But the “big data” that interests many companies is what we might call “found data”, the digital exhaust of web searches, credit card payments and mobiles pinging the nearest phone mast. Google Flu Trends was built on found data and it’s this sort of data that interests me here. Such data sets can be even bigger than the LHC data – Facebook’s is – but just as noteworthy is the fact that they are cheap to collect relative to their size, they are a messy collage of datapoints collected for disparate purposes and they can be updated in real time. As our communication, leisure and commerce have moved to the internet and the internet has moved into our phones, our cars and even our glasses, life can be recorded and quantified in a way that would have been hard to imagine just a decade ago.

Cheerleaders for big data have made four exciting claims, each one reflected in the success of Google Flu Trends: that data analysis produces uncannily accurate results; that every single data point can be captured, making old statistical sampling techniques obsolete; that it is passé to fret about what causes what, because statistical correlation tells us what we need to know; and that scientific or statistical models aren’t needed because, to quote “The End of Theory”, a provocative essay published in Wired in 2008, “with enough data, the numbers speak for themselves”.

Unfortunately, these four articles of faith are at best optimistic oversimplifications. At worst, according to David Spiegelhalter, Winton Professor of the Public Understanding of Risk at Cambridge university, they can be “complete bollocks. Absolute nonsense.”

Found data underpin the new internet economy as companies such as Google, Facebook and Amazon seek new ways to understand our lives through our data exhaust. Since Edward Snowden’s leaks about the scale and scope of US electronic surveillance it has become apparent that security services are just as fascinated with what they might learn from our data exhaust, too.

Consultants urge the data-naive to wise up to the potential of big data. A recent report from the McKinsey Global Institute reckoned that the US healthcare system could save $300bn a year – $1,000 per American – through better integration and analysis of the data produced by everything from clinical trials to health insurance transactions to smart running shoes.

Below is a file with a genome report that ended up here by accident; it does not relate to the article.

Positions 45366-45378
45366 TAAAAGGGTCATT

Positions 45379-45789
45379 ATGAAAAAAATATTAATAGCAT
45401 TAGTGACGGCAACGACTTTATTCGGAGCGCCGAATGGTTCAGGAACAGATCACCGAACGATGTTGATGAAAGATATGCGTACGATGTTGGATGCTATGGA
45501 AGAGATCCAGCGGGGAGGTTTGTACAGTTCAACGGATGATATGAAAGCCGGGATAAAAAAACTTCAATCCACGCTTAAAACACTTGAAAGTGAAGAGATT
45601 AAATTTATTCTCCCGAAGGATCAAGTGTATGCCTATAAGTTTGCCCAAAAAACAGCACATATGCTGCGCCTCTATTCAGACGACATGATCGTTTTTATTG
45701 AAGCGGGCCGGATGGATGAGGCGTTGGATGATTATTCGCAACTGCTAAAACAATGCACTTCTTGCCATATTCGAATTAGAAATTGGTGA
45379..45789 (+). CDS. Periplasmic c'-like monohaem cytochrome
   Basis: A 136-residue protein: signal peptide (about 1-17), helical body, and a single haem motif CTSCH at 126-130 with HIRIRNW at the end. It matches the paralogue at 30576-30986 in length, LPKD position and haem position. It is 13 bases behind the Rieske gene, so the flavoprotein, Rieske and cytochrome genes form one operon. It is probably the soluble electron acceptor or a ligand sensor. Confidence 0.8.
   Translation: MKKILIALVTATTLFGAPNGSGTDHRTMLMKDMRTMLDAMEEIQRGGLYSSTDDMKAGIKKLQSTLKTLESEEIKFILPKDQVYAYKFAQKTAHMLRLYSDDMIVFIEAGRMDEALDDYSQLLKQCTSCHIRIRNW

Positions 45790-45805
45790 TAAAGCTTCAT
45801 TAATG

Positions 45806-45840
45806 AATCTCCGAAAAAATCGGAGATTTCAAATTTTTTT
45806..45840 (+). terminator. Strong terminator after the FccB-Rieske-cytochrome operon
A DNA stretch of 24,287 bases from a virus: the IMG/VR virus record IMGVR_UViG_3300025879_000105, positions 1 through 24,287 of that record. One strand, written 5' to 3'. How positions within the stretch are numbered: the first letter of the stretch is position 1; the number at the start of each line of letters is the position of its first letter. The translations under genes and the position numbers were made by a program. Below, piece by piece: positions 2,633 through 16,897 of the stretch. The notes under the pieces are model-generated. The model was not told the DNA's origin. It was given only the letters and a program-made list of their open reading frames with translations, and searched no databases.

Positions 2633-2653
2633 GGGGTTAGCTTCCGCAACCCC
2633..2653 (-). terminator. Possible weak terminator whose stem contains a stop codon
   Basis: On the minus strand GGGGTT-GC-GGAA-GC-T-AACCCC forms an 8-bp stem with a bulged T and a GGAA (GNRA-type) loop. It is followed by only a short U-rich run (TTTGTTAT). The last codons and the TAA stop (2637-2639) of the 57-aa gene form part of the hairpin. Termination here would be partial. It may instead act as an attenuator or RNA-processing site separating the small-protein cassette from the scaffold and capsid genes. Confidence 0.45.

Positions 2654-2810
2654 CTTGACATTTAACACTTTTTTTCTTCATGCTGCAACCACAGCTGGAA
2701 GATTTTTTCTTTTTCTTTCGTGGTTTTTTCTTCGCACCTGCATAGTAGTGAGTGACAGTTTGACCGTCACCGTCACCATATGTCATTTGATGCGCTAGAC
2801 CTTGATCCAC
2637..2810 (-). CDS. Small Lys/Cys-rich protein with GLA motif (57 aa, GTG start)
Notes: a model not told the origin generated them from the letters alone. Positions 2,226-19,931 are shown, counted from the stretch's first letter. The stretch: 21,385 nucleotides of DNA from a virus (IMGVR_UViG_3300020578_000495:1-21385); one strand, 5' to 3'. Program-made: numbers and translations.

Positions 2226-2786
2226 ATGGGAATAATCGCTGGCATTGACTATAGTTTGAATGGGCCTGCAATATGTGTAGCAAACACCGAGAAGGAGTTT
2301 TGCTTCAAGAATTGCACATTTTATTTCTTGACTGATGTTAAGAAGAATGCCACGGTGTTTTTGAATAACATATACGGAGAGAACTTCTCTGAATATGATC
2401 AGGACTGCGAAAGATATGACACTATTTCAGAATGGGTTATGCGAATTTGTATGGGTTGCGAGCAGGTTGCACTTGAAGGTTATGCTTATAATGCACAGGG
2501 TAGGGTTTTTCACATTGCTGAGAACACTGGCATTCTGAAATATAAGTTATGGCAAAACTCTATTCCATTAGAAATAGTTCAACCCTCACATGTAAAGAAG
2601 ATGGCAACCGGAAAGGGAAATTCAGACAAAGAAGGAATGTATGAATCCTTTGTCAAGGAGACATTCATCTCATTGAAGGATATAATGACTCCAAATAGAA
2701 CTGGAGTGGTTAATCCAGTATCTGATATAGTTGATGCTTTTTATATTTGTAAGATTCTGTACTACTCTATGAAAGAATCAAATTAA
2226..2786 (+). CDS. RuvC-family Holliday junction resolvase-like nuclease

But while big data promise much to scientists, entrepreneurs and governments, they are doomed to disappoint us if we ignore some very familiar statistical lessons.

“There are a lot of small data problems that occur in big data,” says Spiegelhalter. “They don’t disappear because you’ve got lots of the stuff. They get worse.”

Four years after the original Nature paper was published, Nature News had sad tidings to convey: the latest flu outbreak had claimed an unexpected victim: Google Flu Trends. After reliably providing a swift and accurate account of flu outbreaks for several winters, the theory-free, data-rich model had lost its nose for where flu was going. Google’s model pointed to a severe outbreak but when the slow-and-steady data from the CDC arrived, they showed that Google’s estimates of the spread of flu-like illnesses were overstated by almost a factor of two.

The problem was that Google did not know – could not begin to know – what linked the search terms with the spread of flu. Google’s engineers weren’t trying to figure out what caused what. They were merely finding statistical patterns in the data. They cared about correlation rather than causation. This is common in big data analysis. Figuring out what causes what is hard (impossible, some say). Figuring out what is correlated with what is much cheaper and easier. That is why, according to Viktor Mayer-Schönberger and Kenneth Cukier’s book, Big Data, “causality won’t be discarded, but it is being knocked off its pedestal as the primary fountain of meaning”.

But a theory-free analysis of mere correlations is inevitably fragile. If you have no idea what is behind a correlation, you have no idea what might cause that correlation to break down. One explanation of the Flu Trends failure is that the news was full of scary stories about flu in December 2012 and that these stories provoked internet searches by people who were healthy. Another possible explanation is that Google’s own search algorithm moved the goalposts when it began automatically suggesting diagnoses when people entered medical symptoms.

Google Flu Trends will bounce back, recalibrated with fresh data – and rightly so. There are many reasons to be excited about the broader opportunities offered to us by the ease with which we can gather and analyse vast data sets. But unless we learn the lessons of this episode, we will find ourselves repeating it.

Statisticians have spent the past 200 years figuring out what traps lie in wait when we try to understand the world through data. The data are bigger, faster and cheaper these days – but we must not pretend that the traps have all been made safe. They have not.

In 1936, the Republican Alfred Landon stood for election against President Franklin Delano Roosevelt. The respected magazine, The Literary Digest, shouldered the responsibility of forecasting the result. It conducted a postal opinion poll of astonishing ambition, with the aim of reaching 10 million people, a quarter of the electorate. The deluge of mailed-in replies can hardly be imagined but the Digest seemed to be relishing the scale of the task. In late August it reported, “Next week, the first answers from these ten million will begin the incoming tide of marked ballots, to be triple-checked, verified, five-times cross-classified and totalled.”

After tabulating an astonishing 2.4 million returns as they flowed in over two months, The Literary Digest announced its conclusions: Landon would win by a convincing 55 per cent to 41 per cent, with a few voters favouring a third candidate.